Ten years ago, Dr. Robert Ferguson conducted an improbable experiment. Using balloon angioplasty, a technique to unclog coronary arteries, he tried to open a blocked artery in a stroke victim's neck.
The patient thrived, but Ferguson, a radiologist at Baptist Memorial Hospital in Memphis, was practically run out of medicine for taking the therapeutic gamble, which he believed was justified because the patient also had cancer, making him ineligible for standard surgical therapy.
"There was great doubt that this made any sense," Ferguson said. "They were incensed that I was doing this."
What a difference a decade makes. Last month, at an American Heart Assn. meeting in Anaheim, medical researchers hailed the 40-year-old Ferguson as a "star," the pioneer of a promising new treatment for strokes, America's third leading cause of death.
"Innovative" and "terribly exciting," Dr. James T. Robertson, a University of Tennessee neurosurgeon, said of the approach. But, he added: "It's still unproven."
Dr. William M. Feinberg, a neurologist at the Arizona Health Sciences Center, was among the skeptics. "I was concerned that when you blow up a balloon inside the artery, you'll actually end up causing the very thing you're trying to prevent, which is a stroke," he said. "But that doesn't appear to happen as frequently as we had feared."
Feinberg now predicts that balloon angioplasty and related artery-probing techniques will play a role in stroke therapy and prevention. And its impact could be substantial, he said, because complications from stroke, from impaired vision to outright paralysis, make it not only a leading killer but "the major cause of adult disability" in the United States.
Although recent studies on ballooning into neck arteries--and into the brain itself--seem promising, the technique's long-term safety and effectiveness have not been established. Indeed, Ferguson says he is concerned that many doctors will start applying the technology before they fully grasp the dangers of ballooning in the brain.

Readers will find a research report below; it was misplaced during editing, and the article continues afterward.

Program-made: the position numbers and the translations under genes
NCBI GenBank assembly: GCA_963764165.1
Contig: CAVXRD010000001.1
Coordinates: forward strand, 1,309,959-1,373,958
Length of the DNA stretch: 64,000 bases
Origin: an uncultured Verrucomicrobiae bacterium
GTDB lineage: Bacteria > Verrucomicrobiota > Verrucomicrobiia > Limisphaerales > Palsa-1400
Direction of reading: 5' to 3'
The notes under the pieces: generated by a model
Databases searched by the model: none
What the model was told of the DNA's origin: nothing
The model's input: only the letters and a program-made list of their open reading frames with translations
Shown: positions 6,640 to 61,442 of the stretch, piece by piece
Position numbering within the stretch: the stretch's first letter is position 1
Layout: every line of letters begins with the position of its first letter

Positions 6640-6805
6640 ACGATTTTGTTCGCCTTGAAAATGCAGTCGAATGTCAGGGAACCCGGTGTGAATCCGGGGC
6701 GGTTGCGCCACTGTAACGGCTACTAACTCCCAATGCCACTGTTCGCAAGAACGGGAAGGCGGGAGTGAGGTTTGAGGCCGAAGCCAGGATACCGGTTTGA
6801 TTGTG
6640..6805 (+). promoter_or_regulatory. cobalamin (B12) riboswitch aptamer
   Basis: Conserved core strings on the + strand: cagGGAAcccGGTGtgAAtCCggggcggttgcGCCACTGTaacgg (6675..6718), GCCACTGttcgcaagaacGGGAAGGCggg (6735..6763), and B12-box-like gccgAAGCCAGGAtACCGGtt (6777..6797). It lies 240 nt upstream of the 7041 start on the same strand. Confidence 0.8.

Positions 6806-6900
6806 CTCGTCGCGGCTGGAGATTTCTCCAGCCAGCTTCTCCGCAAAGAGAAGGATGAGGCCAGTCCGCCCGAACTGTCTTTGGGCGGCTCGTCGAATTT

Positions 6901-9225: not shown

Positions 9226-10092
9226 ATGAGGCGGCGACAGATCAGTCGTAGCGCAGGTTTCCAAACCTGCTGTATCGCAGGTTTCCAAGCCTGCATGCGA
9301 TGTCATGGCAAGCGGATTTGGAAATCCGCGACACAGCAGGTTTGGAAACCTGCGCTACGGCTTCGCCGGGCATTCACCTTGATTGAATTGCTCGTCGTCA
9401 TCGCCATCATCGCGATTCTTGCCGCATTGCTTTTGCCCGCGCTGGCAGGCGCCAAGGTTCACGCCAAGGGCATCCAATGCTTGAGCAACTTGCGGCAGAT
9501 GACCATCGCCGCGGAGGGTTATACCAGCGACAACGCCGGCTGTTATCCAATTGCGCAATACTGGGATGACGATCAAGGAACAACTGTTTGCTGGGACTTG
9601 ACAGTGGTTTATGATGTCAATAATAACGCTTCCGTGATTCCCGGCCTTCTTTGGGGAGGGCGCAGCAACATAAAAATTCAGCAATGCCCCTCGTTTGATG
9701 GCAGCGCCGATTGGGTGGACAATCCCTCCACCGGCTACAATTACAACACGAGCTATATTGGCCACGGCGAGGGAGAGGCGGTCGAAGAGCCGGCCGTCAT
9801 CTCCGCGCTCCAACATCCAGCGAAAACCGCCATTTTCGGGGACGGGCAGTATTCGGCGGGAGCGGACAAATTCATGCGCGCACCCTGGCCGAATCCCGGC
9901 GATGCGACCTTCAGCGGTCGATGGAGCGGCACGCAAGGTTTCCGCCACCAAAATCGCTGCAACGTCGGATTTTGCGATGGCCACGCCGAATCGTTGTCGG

A stroke occurs when a blood vessel in the brain is blocked or ruptured. The balloon treatment is aimed at so-called thrombolytic stroke, which is five times more common than the hemorrhagic, or bleeding stroke, and also much harder to prevent.
In a thrombolytic stroke, a bit of dislodged plaque or other arterial debris floats upstream into the brain, eventually sticking in a blood vessel and triggering a clot reaction. That starves brain cells of oxygen-carrying blood. Depending on where the blockage happens, symptoms can be as mild as passing numbness or as profound as permanent paralysis.
Because brain damage is irreversible, the main goal of treatment is to prevent a future stroke. The standard surgical treatment, called carotid endarterectomy, involves opening the carotid artery, the source of most of the clot-forming debris, and scraping out plaque. But not all stroke victims are healthy enough for such surgery.
That is where this new approach comes in. Ferguson gingerly inserts a four-foot-long, plastic-coated, balloon-tipped catheter wire through an incision in the patient's groin, then finagles it into an artery and up through the torso. When the balloon reaches the plaque-narrowed carotid--as depicted by a moving computerized X-ray on a monitor--Ferguson inflates the balloon for a few seconds, compressing the plaque against the artery walls.
He told the heart meeting that he and his colleagues at four other medical centers had used the technique on 147 patients--none of whom were eligible for surgery--doubling the width of the narrowed carotid arteries of 83% of them.
Overall, he said, about 4% of patients experienced a stroke or died in the month after treatment. That rivals the reported 3% complication rate of carotid surgery. The balloon technique, said Arizona's Feinberg, "is going to have to be very safe before it replaces surgery."
Meanwhile, Ferguson and other physicians have taken the next step, venturing into the brain with balloon-tipped catheters.
This is a foray into uncharted territory because no other therapy is available when a clot seals off those out-of-reach blood vessels. Not even clot-dissolving drugs always make it to where they are needed in the brain.
"There is nothing for certain for treating blocked or narrowed arteries in the head," said University of Tennessee's Robertson.